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    Any tips on investment?

    Probably not the best site to ask but hopefully someone could advise me. I sold a property and started university but found out I can no longer get a mortgage or break onto the shared buy scheme whilst being a student which sucks. Does anyone know what or where I can invest my money? Currently have premium bonds and the Halifax saver just in case. Are there any other similar monthly draw based places or investment with a decent return?

    Any tips would be great

    31 Comments

    How much do you have? You could just buy a load of scratch cards and take pot luck?

    Shares in United airlines?

    Try the new Neil Woodford higher income fund. He is investing in high quality, high dividend shares. The fund is expecting to return 5% per annum.

    Neil is a safe pair of hands often winning awards.

    I'd do the nationwide, Santander etc high interest accounts up to those high interest limits.

    Make sure you don't have more than £85,000 in each institution so as to have the FSCS compensation scheme in place.

    Don't forget to make use of your ISA allowance etc.

    I would be tempted to invest in a buy to let property.

    sicklysweet

    I'd do the nationwide, Santander etc high interest accounts up to those … I'd do the nationwide, Santander etc high interest accounts up to those high interest limits. Make sure you don't have more than £85,000 in each institution so as to have the FSCS compensation scheme in place. Don't forget to make use of your ISA allowance etc. I would be tempted to invest in a buy to let property.



    Now only £75,000
    Edited by: "t1nt1n" 13th Apr

    FYI, the recent tax change on mortgage tax relief for buy to lets make it more expensive to secure the returns landlords used to get back. Purchases outright are not affected.

    Pops

    t1nt1n

    Now only £75,000




    I just remembered that and came back to amend the post!

    Oops.

    Also worth pointing out that for example for example NatWest and RBS count as one institution/banking group.

    popolou

    FYI, the recent tax change on mortgage tax relief for buy to lets make it … FYI, the recent tax change on mortgage tax relief for buy to lets make it more expensive to secure the returns landlords used to get back. Purchases outright are not affected.Pops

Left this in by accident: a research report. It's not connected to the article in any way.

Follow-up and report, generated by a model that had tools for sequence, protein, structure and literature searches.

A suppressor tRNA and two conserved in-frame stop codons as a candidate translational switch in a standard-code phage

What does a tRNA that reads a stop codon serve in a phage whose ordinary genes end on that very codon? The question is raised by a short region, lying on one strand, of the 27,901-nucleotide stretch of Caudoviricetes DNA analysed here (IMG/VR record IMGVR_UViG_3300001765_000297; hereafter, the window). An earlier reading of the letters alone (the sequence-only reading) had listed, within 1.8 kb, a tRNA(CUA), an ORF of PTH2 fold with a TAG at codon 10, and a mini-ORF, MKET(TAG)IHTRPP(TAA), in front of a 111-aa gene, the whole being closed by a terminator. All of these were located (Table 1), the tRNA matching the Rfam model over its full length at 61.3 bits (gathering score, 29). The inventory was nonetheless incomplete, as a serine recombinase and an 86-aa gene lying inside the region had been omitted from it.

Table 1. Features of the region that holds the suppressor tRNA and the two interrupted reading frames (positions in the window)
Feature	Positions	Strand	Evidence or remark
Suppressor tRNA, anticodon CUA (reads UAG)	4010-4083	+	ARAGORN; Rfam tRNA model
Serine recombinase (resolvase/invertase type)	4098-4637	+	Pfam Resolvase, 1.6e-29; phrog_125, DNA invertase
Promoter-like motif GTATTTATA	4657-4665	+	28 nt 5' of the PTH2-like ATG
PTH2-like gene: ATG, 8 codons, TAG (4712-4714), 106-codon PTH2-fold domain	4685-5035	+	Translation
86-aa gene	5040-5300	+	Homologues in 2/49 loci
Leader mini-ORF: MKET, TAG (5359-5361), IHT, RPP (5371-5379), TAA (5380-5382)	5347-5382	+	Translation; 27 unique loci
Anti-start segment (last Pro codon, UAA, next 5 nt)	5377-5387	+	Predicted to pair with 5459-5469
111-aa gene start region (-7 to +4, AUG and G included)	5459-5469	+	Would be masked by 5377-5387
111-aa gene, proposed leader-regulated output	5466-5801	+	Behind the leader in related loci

Yes and before it allowed people who borrowed to benefit greatly with the interest tax relief and gearing

    You can stick £2880 into a personal pension if you do not need that money. Government will bump it up to £3600. Stick it into a SIPP. Lots of articles on the web about this. Pick funds that consistently perform well like Woodford as suggested earlier. Remember it is a long term investment and there is always a risk with these. Put £20k in an ISA. Same as pension so select a provider that does both. Spread the rest in high interest accounts etc.

    Banned

    marty-401

    Shares in United airlines?



    Sure you'd get a cash return or a beating? :P

    sicklysweet

    I just remembered that and came back to amend the post!Oops. Also worth … I just remembered that and came back to amend the post!Oops. Also worth pointing out that for example for example NatWest and RBS count as one institution/banking group.


    Back up to £85,000 again (as at the end of January).

    Think it's because the rate in Europe is 100,000 Euros and with the exchange rate having worsened since we voted for Brexit, that 100,000 is now worth £85,000 rather than £75,000.

    fred123544

    Try the new Neil Woodford higher income fund. He is investing in high … Try the new Neil Woodford higher income fund. He is investing in high quality, high dividend shares. The fund is expecting to return 5% per annum. Neil is a safe pair of hands often winning awards.



    Sounds interesting, how does it work?

    Depending in how long you're happy to invest your cash for, have you coinsidered peer to peer lending, such as Zopa? zopa.com/len…ing

    Aaronnnn

    Sounds interesting, how does it work?



    Ok you open an account with a provider example Hargreaves Lansdown or Fidelity different providers have different charges. Go to their website and see which you prefer. HL website is very simple to use imo. Then it you want to put your funds in an ISA then open an ISA. Once done you can start buying any funds by linking your account to your current account and paying from your current account or via a debit card.

    That's it.

    t1nt1n

    Now only £75,000





    sicklysweet

    I just remembered that and came back to amend the post!Oops. Also worth … I just remembered that and came back to amend the post!Oops. Also worth pointing out that for example for example NatWest and RBS count as one institution/banking group.



    It's back up to 85k with the pound doing so well against the euro.